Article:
The FDA’s vaccine advisory committee voted 17-4 with one abstention Dec. 10 to recommend an emergency use authorization (EUA) for the Pfizer Inc./Biontech SE mRNA vaccine BNT-162b2 to prevent COVID-19 in individuals 16 and older.

The yes vote would have been higher had the indication excluded 16- and 17-year-olds, as some panelists were concerned about the paucity of data for that age group since they were added late to the phase III trial.

Noting that COVID-19 infections aren’t a big problem in that age group, panelist Cody Meissner, director of pediatric infectious disease at Tufts Medical Center, said he was uncomfortable with including 16- and 17-year-olds in the indication because he didn’t think there was enough data to determine whether the benefit of the vaccine outweighed the risks for them.

Archana Chatterjee, a dean at the Chicago Medical School and an expert in pediatrics and infectious diseases, shared his concerns. The data are thinnest for that age group, she said. While she thought the data also were thin for people older than 75, Chatterjee said the potential benefit for older people who are more at risk of serious infections outweighed her concerns about the lack of data for that subpopulation.

However, another pediatrician on the panel, Paul Offit, a professor at the Children’s Hospital of Philadelphia, supported inclusion of 16- and 17-year-olds in the indication, pointing out that they can get COVID-19 and some have developed cardiac anomalies because of the coronavirus. There is clear evidence of benefit for that age group, Offit said, adding that the risks of the vaccine are only theoretical.

Others on the committee noted that young people aren’t in the priority groups that will be among the first to be offered what will be limited supplies of the vaccine, so their inclusion on the label isn’t an issue. Health care workers and residents of long-term living facilities will be first in line.

The debate now goes to the FDA as it makes the decision on granting an EUA. Agency officials speaking at the adcom indicated they were comfortable with extrapolating data for 16- and 17-year-olds.

Next steps

In expectation of an EUA being granted quickly, the U.S. CDC’s Advisory Committee on Immunization Practices (ACIP) has scheduled two emergency public meetings this weekend to consider the vaccine’s data.

Friday, ACIP will look at the development program, the vaccine profile and post-authorization safety monitoring plan. The group plans to meet again Sunday to discuss clinical considerations for the Pfizer/Biontech vaccine and to vote on recommendations for its administration.

The big question now is how soon the FDA will grant the EUA, as that will determine how quickly the most vulnerable people can begin getting the vaccine. Speaking at an Operation Warp Speed (OWS) briefing a few weeks ago, Health and Human Services Secretary Alex Azar said the vaccine could be distributed throughout the U.S. within 24 hours of FDA authorization, with administration beginning as soon as the product arrives.

In addition, he said CVS Health, one of the private-sector partners involved in the distribution/administration effort, expected to be vaccinating residents of nursing homes within 48 hours after FDA authorization.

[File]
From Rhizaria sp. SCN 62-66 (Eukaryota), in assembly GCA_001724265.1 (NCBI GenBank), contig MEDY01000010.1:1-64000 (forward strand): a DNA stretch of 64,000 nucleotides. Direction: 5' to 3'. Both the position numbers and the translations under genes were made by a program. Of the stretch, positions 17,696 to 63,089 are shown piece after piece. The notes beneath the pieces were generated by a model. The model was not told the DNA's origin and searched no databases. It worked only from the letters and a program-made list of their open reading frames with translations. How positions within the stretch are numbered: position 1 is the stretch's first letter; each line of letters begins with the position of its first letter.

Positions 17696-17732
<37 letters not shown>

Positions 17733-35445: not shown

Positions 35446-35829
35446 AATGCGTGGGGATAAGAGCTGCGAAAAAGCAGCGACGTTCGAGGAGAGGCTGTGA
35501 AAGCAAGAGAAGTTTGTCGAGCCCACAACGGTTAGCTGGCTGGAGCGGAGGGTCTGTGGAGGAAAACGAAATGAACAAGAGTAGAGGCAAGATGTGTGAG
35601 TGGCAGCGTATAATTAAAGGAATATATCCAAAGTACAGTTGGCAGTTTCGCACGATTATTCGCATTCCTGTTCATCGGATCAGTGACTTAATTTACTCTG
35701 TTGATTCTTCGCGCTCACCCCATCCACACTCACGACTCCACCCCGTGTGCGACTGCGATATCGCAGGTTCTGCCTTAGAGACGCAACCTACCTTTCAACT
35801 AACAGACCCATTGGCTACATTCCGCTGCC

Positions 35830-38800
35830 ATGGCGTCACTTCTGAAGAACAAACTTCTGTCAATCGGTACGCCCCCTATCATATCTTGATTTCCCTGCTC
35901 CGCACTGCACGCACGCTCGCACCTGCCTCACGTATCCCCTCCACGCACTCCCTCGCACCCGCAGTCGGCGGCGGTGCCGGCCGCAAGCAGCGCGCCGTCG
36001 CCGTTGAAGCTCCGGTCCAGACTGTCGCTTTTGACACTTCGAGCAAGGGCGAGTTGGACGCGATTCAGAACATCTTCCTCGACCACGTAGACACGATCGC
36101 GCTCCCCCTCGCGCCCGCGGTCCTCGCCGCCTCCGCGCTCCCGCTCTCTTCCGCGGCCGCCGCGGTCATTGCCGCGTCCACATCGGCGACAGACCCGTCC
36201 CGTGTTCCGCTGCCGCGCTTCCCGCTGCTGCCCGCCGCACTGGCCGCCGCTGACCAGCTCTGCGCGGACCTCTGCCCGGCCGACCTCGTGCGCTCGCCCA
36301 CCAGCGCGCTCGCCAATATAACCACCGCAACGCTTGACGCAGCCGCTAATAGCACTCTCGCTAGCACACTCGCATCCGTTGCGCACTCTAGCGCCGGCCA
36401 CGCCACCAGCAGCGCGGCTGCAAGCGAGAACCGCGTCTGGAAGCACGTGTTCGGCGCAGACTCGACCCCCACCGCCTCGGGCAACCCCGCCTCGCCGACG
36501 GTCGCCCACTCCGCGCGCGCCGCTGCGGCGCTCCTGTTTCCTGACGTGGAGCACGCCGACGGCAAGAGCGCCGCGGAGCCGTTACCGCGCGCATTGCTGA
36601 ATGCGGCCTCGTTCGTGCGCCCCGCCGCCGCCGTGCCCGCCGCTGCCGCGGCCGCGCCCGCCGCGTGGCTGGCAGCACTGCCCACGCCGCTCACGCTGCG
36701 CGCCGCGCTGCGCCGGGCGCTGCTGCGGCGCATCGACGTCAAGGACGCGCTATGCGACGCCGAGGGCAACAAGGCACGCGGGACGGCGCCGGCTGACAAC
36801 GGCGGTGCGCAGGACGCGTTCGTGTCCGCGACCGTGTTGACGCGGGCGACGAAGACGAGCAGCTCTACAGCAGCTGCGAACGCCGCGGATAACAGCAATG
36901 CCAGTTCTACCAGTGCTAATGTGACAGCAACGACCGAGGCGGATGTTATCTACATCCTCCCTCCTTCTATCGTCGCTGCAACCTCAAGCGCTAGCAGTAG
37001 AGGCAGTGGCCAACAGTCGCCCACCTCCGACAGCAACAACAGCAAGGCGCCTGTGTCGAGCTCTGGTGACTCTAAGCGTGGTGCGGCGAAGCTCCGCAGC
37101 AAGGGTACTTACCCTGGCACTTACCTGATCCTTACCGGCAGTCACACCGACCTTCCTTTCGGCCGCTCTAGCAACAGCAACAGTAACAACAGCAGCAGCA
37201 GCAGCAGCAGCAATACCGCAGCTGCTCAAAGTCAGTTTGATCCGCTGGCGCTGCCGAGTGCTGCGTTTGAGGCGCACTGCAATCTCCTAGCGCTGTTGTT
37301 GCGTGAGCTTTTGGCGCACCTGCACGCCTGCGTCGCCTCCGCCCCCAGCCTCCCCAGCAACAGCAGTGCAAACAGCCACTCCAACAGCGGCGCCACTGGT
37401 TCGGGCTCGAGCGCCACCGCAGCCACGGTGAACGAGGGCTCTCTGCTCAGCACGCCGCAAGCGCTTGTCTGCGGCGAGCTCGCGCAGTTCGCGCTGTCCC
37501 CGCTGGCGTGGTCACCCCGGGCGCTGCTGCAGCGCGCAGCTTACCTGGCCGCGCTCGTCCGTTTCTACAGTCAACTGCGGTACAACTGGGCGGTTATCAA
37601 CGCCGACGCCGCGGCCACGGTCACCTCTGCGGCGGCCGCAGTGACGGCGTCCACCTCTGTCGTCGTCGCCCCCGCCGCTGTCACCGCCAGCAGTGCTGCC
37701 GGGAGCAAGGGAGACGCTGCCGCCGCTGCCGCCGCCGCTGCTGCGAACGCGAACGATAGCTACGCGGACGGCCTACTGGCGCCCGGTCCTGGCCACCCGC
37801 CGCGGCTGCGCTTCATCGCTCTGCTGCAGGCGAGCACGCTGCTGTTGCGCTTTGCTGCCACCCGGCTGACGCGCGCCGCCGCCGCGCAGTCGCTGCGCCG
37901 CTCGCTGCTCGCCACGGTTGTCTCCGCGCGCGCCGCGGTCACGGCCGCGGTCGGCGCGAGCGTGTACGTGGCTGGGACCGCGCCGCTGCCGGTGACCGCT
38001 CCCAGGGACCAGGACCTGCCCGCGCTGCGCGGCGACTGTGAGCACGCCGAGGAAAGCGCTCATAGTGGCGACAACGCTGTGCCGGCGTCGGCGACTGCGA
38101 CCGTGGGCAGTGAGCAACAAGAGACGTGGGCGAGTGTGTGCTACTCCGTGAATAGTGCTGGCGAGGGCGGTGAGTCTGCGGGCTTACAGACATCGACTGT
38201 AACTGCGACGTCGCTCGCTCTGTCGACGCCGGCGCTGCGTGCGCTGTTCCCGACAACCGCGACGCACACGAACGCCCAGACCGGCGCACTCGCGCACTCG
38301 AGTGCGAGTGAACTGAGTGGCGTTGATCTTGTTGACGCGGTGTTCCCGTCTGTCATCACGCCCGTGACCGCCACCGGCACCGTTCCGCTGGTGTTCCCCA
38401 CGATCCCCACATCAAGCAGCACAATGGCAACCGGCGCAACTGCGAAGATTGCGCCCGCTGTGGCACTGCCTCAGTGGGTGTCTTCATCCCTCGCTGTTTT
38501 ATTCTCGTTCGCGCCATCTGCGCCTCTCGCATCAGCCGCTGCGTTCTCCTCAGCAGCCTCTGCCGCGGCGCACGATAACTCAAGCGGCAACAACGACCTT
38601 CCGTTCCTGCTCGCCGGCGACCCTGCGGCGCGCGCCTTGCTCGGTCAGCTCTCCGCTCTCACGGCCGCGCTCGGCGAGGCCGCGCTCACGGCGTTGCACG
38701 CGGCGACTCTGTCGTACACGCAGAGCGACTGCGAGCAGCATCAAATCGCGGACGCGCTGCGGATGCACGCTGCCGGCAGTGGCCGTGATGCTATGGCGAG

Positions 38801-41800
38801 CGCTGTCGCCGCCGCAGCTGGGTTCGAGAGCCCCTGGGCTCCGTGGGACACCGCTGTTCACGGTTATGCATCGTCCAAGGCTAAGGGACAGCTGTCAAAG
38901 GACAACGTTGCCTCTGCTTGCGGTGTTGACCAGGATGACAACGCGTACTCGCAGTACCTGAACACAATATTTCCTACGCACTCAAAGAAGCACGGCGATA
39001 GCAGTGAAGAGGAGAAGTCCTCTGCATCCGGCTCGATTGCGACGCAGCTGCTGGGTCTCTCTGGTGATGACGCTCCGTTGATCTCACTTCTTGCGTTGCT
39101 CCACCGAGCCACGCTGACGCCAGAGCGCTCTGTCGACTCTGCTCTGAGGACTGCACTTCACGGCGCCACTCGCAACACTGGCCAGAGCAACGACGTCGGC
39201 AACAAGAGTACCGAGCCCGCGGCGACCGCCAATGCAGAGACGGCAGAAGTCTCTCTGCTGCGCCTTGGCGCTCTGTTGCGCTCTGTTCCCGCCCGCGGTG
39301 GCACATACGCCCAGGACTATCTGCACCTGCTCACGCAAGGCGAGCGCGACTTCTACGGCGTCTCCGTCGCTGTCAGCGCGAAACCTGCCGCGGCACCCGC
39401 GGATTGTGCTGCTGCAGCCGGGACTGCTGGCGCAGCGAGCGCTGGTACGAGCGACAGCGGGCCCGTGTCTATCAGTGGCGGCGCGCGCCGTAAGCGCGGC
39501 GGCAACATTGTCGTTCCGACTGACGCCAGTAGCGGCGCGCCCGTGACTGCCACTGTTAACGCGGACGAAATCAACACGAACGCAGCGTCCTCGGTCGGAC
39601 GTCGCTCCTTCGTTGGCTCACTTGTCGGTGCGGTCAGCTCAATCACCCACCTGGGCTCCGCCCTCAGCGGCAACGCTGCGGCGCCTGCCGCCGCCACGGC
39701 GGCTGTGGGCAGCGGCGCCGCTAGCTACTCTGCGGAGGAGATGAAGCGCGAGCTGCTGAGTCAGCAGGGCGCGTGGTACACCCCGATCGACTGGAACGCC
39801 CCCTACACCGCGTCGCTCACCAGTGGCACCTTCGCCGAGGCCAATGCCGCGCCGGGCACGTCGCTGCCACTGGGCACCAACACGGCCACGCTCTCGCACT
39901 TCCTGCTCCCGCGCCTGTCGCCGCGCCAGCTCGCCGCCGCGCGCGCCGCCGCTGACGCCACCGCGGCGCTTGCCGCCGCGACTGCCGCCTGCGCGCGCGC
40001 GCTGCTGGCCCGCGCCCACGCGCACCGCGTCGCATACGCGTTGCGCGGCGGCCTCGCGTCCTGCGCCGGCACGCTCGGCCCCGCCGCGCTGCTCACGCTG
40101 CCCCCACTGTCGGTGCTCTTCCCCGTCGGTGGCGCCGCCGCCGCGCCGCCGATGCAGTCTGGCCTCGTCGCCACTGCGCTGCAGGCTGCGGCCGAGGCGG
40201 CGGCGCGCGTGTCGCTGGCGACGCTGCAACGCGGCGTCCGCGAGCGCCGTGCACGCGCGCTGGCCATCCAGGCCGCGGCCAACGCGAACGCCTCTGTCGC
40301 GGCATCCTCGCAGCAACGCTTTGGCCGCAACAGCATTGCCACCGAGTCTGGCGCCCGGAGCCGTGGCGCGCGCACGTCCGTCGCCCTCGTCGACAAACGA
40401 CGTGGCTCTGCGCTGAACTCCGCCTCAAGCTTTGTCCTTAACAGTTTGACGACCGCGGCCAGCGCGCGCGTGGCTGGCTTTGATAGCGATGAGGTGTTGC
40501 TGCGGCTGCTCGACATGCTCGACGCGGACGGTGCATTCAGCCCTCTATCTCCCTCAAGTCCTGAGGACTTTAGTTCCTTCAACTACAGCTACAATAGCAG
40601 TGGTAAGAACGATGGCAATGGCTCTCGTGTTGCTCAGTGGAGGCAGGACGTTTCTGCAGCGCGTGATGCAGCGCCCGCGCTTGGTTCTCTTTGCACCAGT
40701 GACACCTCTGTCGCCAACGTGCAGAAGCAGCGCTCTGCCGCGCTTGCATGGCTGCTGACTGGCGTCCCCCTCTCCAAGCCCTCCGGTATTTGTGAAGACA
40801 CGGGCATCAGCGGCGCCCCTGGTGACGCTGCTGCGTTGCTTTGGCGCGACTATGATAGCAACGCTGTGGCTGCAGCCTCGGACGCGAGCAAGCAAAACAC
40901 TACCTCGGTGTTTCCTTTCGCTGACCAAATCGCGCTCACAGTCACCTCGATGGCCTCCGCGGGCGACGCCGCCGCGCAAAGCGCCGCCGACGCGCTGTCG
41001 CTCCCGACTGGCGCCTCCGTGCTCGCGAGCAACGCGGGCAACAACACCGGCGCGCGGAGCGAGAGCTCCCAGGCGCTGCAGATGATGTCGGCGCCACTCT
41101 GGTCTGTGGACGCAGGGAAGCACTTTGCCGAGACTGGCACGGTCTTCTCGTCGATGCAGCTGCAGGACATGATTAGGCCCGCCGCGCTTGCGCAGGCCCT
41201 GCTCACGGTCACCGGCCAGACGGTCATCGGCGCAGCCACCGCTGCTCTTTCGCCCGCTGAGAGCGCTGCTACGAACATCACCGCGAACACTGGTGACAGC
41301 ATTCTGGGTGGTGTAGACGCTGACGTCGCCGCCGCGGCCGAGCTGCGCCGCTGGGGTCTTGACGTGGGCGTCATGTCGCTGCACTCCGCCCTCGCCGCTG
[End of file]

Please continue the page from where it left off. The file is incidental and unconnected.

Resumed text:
Based on the number of vaccine doses manufactured as of mid-November, General Gustave Perna, the chief operating officer for OWS, said he expected about 3 million doses to be distributed within the first week of an EUA.

Citing Pfizer’s current production schedules, Azar said OWS expects to “have enough doses to vaccinate 20 million Americans by the end of the year, 50 million total by the end of January and at least 100 million total by the end of the first quarter.” And by the end of the second quarter of 2021, there should be enough doses to vaccinate any American who wants it.

Meanwhile, Pfizer and Biontech will continue with a hefty clinical program as they expand the populations being studied and do long-term follow-up to gather the data needed to turn the EUA into a biologic license application, which the FDA is expecting to be submitted in the next three or four months.

To get two years’ of follow-up data, Pfizer is proposing to urge participants to stay in the trial as long as possible, while unblinding those on placebo who want the vaccine. The blind would be maintained for others in the trial.

The ethics and feasibility of continuing blinded, placebo-controlled trials once an EUA has been granted was one of the issues the adcom wrestled with Thursday. The FDA had Steven Goodman, associate dean of clinical and translational research at Stanford University School of Medicine, present a blinded crossover design in which trial participants in the vaccine arm would receive a placebo and those in the control arm would get the vaccine – but only when the vaccine would be available for their population group. In other words, it wouldn’t allow them to jump the queue ahead of people with higher risk when vaccine supplies are limited.

William Gruber, senior vice president for vaccine clinical R&D at Pfizer, acknowledged there were some potential advantages with the blinded crossover, but it would require twice as many people to come in for two additional visits – that could be an additional 88,000 visits. It also would require reconsenting all the participants.

In addition, Gruber questioned whether participants would be willing to come back for the additional visits. Because of the high incidence of minor reactions in people who received the vaccine in the trial, those participants likely would know they had received the vaccine and they might not be willing to return twice to get a placebo at a time when COVID-19 is surging.